In 1996 Mexico's Museo Nacional de Arte acquired a remarkable dossier of text and images that included an eighteenth-century document requesting permission to carry out a specific iconographic program in Tlaxcala. This discovery planted a seed that grew into Jaime Cuadriello's landmark work Las glorias de la República de Tlaxcala, now available in English for the first time.
In 1789 don Ignacio Mazihcatzin, the Indian pastor of Yehualtepec, commissioned noted regional artist José Manuel Yllanes to do a set of oil paintings for his parish church. As a formal record of inquiry and approval between don Ignacio and the bishop of Puebla, the document includes depositions about the prospective paintings and watercolor sketches of them. From this material, art historian Cuadriello reconstructs both mythic and historic events in Tlaxcala's collective memory, providing an extensively contextualized study of art, society, religion, and history in eighteenth-century New Spain.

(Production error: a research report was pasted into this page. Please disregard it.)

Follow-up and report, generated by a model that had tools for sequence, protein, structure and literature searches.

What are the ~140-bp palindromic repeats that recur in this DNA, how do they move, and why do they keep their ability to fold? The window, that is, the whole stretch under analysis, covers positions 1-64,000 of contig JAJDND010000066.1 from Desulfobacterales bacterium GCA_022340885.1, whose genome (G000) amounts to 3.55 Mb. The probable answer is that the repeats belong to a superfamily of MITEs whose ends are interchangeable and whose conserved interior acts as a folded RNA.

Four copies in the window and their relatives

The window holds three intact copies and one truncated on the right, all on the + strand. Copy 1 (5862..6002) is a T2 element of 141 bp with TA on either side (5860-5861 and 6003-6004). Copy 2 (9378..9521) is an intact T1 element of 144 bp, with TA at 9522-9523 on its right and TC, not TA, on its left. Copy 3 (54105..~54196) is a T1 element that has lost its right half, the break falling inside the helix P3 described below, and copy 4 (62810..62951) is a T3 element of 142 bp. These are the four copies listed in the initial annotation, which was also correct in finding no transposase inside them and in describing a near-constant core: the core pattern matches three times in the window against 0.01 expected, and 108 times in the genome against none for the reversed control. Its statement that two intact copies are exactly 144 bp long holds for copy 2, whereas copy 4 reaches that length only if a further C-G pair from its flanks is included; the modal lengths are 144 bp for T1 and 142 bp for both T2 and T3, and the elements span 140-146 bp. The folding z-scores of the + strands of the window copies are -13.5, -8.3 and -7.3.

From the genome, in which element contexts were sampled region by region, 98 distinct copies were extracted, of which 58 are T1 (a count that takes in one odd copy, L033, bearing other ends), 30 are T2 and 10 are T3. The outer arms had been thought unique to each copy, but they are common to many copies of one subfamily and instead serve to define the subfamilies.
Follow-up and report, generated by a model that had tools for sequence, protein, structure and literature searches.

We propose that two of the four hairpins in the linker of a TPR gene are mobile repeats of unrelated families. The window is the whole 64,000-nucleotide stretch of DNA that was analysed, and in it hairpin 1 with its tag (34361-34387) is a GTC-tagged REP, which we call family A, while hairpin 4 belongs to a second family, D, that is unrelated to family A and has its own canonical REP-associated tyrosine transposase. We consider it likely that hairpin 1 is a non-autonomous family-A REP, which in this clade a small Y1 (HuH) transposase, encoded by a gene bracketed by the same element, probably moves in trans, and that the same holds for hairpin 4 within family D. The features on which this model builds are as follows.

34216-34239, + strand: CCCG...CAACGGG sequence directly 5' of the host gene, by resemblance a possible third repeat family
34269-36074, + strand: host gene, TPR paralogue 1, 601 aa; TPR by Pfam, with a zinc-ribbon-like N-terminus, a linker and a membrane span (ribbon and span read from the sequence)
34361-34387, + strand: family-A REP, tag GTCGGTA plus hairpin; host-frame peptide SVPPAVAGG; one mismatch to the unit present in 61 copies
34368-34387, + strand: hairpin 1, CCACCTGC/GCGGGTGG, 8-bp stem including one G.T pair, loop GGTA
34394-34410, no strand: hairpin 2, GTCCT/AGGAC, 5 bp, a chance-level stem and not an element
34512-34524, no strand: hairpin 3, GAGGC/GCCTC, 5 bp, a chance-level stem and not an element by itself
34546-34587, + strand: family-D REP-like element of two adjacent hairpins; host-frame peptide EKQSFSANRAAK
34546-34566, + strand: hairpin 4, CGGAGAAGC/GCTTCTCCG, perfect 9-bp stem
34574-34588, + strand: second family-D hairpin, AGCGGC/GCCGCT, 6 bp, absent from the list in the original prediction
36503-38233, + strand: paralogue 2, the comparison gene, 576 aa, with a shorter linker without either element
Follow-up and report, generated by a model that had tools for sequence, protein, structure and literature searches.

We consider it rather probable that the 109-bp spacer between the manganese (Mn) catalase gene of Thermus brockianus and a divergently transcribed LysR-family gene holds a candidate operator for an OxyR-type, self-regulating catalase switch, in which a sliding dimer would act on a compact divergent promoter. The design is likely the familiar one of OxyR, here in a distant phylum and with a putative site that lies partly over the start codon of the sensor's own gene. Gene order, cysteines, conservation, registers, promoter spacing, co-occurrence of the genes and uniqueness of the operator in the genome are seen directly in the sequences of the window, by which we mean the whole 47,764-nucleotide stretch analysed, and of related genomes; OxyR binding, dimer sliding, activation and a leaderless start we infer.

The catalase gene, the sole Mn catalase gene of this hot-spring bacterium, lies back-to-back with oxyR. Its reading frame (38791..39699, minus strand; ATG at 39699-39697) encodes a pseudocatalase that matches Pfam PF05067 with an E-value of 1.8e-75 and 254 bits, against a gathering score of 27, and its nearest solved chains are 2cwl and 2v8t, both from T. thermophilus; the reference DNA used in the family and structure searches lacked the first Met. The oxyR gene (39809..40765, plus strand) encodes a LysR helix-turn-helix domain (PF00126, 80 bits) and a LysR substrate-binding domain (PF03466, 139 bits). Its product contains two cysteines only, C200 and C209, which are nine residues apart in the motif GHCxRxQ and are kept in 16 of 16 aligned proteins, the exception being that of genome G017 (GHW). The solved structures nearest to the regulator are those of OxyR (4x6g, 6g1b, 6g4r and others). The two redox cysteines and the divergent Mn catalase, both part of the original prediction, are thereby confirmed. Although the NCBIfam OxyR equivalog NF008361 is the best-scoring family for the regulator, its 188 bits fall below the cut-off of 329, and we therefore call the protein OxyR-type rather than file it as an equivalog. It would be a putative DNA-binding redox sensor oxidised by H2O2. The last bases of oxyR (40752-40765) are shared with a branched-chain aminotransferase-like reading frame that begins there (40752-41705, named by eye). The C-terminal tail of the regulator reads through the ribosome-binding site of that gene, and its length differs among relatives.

In its broad scope, the book reaches far beyond a mere deciphering of the symbolism of iconic images to provide a new social history of art for colonial Mexico. It will appeal to art historians, historians of colonial Latin America, and scholars interested in how indigenous communities took the initiative, through a mythic and prophetic discourse, to negotiate and claim their own place within New Spain.